The delicate balance of matching horses to riders

Pairing horses with riders is a complicated game, and the relative size of each is only part of the equation. These riders participated in a camp at Wild Ivy Farm in Bangor several years ago.
Cassie Astle | Courtesy of Katie Bears
Pairing horses with riders is a complicated game, and the relative size of each is only part of the equation. These riders participated in a camp at Wild Ivy Farm in Bangor several years ago.
By Cassie Astle, Special to the BDN
Posted May 03, 2013, at 11:14 a.m.

Many of my students do not have a horse of their own, which is precisely why I have so many horses. Students may not have the time or budget for caring for a horse full time, or they aren’t ready education­-wise or commitment-­wise for horse ownership. For those reasons, I keep a couple of “school horses,” horses that are used for lesson riders, on the farm. These horses are all various heights, breeds, colors and talent levels so that there is a good match for just about every rider who comes along.

Normally, I determine the horse that the student will ride depending on what each student needs to work on as well as the size and skill level of each rider. Occasionally, if there are not too many lessons on a given day, I will let a student choose which horse he or she would like to ride. It is always interesting to find out which horse that student chooses.

Some pick reliable transportation, a horse they have ridden often and know very well. Some choose the more challenging horse that they have been dying to take for a test drive, while others select the prettiest or biggest horse. Some can’t decide because they want to ride all the horses.

Whenever I was given an option of horses for lessons, most of the time I would choose the horses no one else wanted to ride, the ones that were too fast or too ornery or too green. I wanted to see if I could do it, if I could ride those horses.

At one barn where I worked, I made it my mission to ride each of the horses there, and I did complete that goal with the exception of the Shetland ponies. I outgrew being little enough to ride Shetland ponies by third grade.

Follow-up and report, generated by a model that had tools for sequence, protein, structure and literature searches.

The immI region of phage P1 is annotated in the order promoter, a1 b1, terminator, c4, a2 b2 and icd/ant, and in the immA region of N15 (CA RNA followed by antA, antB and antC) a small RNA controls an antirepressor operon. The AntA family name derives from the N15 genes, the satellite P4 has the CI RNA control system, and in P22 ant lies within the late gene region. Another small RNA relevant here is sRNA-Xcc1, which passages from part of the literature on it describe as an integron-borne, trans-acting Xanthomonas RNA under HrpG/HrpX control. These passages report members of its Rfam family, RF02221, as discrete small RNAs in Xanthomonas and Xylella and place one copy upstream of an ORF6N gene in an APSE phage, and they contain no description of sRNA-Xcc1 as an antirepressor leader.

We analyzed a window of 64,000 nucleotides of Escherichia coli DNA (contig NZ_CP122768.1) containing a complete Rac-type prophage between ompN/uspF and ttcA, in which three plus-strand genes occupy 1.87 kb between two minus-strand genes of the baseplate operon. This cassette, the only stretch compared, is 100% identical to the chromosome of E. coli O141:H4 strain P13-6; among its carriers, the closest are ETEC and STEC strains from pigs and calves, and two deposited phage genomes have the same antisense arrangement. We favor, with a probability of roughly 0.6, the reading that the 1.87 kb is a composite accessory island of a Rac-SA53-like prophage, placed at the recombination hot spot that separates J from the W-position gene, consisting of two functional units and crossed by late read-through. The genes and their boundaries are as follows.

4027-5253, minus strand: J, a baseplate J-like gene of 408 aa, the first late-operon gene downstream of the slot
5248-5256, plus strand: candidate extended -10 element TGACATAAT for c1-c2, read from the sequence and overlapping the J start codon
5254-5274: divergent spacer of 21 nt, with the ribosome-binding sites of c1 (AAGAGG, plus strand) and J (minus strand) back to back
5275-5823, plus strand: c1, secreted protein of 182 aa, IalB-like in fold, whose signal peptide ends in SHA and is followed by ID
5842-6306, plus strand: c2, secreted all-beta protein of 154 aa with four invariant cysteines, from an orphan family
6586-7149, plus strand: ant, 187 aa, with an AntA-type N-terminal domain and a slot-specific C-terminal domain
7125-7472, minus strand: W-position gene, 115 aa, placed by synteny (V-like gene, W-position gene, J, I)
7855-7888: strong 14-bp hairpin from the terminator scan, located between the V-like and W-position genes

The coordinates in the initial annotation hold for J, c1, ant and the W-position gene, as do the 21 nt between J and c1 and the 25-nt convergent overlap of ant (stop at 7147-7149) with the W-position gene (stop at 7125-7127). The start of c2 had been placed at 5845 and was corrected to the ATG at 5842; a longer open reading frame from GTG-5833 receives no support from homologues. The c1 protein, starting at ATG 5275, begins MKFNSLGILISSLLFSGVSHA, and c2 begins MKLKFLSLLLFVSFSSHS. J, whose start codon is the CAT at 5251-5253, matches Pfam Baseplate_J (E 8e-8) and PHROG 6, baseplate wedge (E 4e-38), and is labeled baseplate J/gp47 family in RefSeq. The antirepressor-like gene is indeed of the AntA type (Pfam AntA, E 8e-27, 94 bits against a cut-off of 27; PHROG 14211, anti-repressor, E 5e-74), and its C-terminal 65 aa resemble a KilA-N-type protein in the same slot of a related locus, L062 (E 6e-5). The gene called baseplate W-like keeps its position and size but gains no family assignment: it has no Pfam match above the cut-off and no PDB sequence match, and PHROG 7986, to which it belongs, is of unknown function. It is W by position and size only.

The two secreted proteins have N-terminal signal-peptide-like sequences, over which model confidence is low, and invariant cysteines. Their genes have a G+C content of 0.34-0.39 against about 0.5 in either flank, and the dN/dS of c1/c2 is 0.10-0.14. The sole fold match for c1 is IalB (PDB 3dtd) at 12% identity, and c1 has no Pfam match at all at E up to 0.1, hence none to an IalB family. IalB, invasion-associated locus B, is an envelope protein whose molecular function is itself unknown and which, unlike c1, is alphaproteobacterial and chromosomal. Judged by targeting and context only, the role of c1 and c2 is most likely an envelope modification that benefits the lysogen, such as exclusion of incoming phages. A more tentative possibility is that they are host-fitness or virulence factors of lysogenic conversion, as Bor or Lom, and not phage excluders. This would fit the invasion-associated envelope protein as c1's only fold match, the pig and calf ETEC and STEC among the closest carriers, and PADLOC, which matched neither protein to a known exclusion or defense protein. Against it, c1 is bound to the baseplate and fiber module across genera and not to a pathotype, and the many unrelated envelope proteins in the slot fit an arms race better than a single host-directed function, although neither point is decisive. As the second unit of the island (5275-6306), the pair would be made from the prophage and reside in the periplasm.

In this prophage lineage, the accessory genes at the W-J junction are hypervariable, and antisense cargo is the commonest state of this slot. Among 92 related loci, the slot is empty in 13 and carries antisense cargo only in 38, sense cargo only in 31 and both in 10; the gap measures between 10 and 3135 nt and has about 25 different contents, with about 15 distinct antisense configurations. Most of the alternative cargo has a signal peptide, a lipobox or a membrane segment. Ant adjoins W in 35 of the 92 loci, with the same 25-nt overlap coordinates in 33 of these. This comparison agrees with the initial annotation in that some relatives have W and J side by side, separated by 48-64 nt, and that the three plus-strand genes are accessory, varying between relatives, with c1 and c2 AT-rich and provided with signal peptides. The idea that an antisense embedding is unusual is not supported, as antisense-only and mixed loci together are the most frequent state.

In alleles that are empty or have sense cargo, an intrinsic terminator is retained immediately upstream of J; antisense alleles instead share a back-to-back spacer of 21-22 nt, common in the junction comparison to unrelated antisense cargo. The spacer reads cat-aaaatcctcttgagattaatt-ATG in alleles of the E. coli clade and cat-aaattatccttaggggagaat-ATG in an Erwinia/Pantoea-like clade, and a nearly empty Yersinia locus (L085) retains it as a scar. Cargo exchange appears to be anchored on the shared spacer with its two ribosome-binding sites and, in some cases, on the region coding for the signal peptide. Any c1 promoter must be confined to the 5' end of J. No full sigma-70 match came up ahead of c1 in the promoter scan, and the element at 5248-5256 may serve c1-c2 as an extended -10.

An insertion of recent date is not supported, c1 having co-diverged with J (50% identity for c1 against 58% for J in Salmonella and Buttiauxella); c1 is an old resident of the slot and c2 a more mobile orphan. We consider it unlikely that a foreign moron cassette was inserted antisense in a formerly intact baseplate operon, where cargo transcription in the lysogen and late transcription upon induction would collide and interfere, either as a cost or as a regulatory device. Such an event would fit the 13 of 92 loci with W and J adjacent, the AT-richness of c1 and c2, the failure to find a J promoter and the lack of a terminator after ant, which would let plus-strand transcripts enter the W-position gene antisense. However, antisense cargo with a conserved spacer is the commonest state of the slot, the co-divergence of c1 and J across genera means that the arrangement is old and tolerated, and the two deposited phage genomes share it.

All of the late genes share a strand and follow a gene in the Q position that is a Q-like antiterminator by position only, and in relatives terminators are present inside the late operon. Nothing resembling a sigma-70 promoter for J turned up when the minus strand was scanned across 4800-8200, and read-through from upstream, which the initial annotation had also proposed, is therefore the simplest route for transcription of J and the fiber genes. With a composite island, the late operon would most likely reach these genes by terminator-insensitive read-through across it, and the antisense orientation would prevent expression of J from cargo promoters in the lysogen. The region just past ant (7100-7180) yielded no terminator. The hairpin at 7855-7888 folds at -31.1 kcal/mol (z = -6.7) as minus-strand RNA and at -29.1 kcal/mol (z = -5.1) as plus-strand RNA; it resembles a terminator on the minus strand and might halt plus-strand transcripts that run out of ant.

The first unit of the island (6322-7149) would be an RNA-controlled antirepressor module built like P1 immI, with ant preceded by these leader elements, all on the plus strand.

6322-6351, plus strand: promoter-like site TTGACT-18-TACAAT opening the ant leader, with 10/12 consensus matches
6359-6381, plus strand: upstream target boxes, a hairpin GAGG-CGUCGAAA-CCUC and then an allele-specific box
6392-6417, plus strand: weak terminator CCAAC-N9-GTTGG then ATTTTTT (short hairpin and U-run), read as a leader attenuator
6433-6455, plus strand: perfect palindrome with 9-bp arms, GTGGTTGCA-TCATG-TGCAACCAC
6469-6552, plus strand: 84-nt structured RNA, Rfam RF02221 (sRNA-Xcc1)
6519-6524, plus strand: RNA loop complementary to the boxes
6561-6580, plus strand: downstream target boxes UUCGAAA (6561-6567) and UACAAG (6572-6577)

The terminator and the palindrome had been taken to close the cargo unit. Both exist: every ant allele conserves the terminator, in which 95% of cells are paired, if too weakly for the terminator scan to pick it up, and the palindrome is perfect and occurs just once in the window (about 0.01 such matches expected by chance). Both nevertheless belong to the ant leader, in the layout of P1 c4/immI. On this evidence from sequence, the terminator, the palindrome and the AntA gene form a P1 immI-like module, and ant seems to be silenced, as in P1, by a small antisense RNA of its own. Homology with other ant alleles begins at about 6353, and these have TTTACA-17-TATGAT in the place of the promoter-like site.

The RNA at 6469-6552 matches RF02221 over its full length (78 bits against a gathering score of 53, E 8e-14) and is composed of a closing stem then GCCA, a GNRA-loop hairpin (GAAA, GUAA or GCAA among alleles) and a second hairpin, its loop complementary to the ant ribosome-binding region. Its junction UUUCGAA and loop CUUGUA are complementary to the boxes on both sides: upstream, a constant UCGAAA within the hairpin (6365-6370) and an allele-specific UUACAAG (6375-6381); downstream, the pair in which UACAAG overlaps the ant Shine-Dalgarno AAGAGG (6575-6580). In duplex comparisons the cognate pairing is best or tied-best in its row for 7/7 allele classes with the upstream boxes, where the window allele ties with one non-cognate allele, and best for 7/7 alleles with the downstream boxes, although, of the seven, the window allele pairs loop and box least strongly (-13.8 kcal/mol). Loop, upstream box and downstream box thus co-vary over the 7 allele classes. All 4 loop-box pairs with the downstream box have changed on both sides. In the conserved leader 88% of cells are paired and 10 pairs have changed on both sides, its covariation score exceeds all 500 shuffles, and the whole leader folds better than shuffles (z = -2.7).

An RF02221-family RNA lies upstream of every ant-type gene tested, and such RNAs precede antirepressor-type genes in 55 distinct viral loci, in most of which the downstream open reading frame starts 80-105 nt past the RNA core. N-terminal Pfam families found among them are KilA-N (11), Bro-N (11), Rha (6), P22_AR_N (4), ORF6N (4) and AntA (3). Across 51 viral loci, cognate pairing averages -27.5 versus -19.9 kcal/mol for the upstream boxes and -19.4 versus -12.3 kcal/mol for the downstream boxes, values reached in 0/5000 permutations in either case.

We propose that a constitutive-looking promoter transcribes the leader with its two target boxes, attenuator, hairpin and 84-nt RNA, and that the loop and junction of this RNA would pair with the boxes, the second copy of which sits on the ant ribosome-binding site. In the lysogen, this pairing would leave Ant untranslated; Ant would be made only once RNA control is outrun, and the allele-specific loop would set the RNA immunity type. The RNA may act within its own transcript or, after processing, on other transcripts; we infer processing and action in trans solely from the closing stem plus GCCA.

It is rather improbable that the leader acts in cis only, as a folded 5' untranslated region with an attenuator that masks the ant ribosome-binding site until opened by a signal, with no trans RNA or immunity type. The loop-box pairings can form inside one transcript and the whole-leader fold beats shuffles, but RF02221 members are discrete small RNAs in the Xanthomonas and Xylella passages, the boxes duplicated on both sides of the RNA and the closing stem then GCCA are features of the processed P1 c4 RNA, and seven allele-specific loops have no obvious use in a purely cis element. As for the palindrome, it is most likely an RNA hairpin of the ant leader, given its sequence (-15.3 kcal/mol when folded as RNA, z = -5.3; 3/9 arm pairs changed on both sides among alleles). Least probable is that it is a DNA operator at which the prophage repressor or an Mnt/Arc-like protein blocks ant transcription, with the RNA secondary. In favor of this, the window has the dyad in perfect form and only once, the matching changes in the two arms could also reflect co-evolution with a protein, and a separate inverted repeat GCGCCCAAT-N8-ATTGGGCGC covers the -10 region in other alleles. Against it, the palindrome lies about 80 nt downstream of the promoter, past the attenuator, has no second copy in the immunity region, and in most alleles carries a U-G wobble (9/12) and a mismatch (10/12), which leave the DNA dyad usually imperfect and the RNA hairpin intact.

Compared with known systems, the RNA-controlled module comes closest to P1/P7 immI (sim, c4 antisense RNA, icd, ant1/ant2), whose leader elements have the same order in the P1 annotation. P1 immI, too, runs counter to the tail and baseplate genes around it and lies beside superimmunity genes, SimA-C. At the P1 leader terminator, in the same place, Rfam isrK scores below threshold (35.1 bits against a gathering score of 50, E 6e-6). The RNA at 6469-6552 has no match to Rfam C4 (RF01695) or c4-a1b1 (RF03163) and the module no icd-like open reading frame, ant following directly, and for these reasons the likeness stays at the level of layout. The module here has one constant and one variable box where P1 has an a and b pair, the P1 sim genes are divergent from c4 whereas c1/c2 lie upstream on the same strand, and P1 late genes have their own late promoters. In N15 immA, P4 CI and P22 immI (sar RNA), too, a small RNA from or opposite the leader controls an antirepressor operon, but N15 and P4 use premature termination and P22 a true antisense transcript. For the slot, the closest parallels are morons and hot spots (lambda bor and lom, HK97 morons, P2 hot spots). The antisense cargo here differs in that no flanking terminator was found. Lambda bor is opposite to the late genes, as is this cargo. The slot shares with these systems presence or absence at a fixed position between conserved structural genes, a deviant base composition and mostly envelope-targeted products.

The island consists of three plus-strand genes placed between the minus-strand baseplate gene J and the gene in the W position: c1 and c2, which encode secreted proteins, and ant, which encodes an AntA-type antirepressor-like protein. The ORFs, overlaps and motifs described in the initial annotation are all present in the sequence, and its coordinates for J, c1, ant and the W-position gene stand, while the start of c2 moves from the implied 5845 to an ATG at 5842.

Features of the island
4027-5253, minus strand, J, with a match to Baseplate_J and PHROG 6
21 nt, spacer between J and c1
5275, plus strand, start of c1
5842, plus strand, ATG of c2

It never takes my students long to figure out that if they complain about riding any particular horse, they are subsequently assigned to it until that horse becomes the student’s new favorite. It’s not just about riding horses. There are life lessons involved. It’s about learning to deal with fear or finding confidence. It’s about learning to cooperate. It’s about facing a problem head on and learning to adapt. Not every situation in life is going to be the one you hoped you would be in.

There are exceptions of course, like me with the Shetland ponies, because not every rider fits on every horse. There are riders of all shapes and sizes, so a match to a horse of a similar build is important for the safety of the rider and well­-being of the horse. There is a good reason why Arnold Schwarzenegger rode a draft horse in the Conan movies. There is not a good reason for why I know that piece of trivia.

Every horse, regardless of the amount of training it has had, will rise or sink to the level of its rider. It may not happen in one ride, but over time changes will happen because a horse is never “trained”. Even a horse trained to compete in Grand Prix dressage will start to deteriorate if ridden by someone not as highly educated. Horses continue to learn for their whole lives.

There are no old dogs when it comes to horses. As I get closer to the old dog stage of life, I am less inclined to ride the orneriest, fastest, most untrained­ horses, just for the fun of it.

The challenge of figuring out how to help that horse have an easier time getting along with the rider is more of a draw now. I still wish I could ride those Shetland ponies, though.

 

http://bangordailynews.com/2013/05/03/outdoors/the-delicate-balance-of-matching-horses-to-riders/ printed on December 21, 2014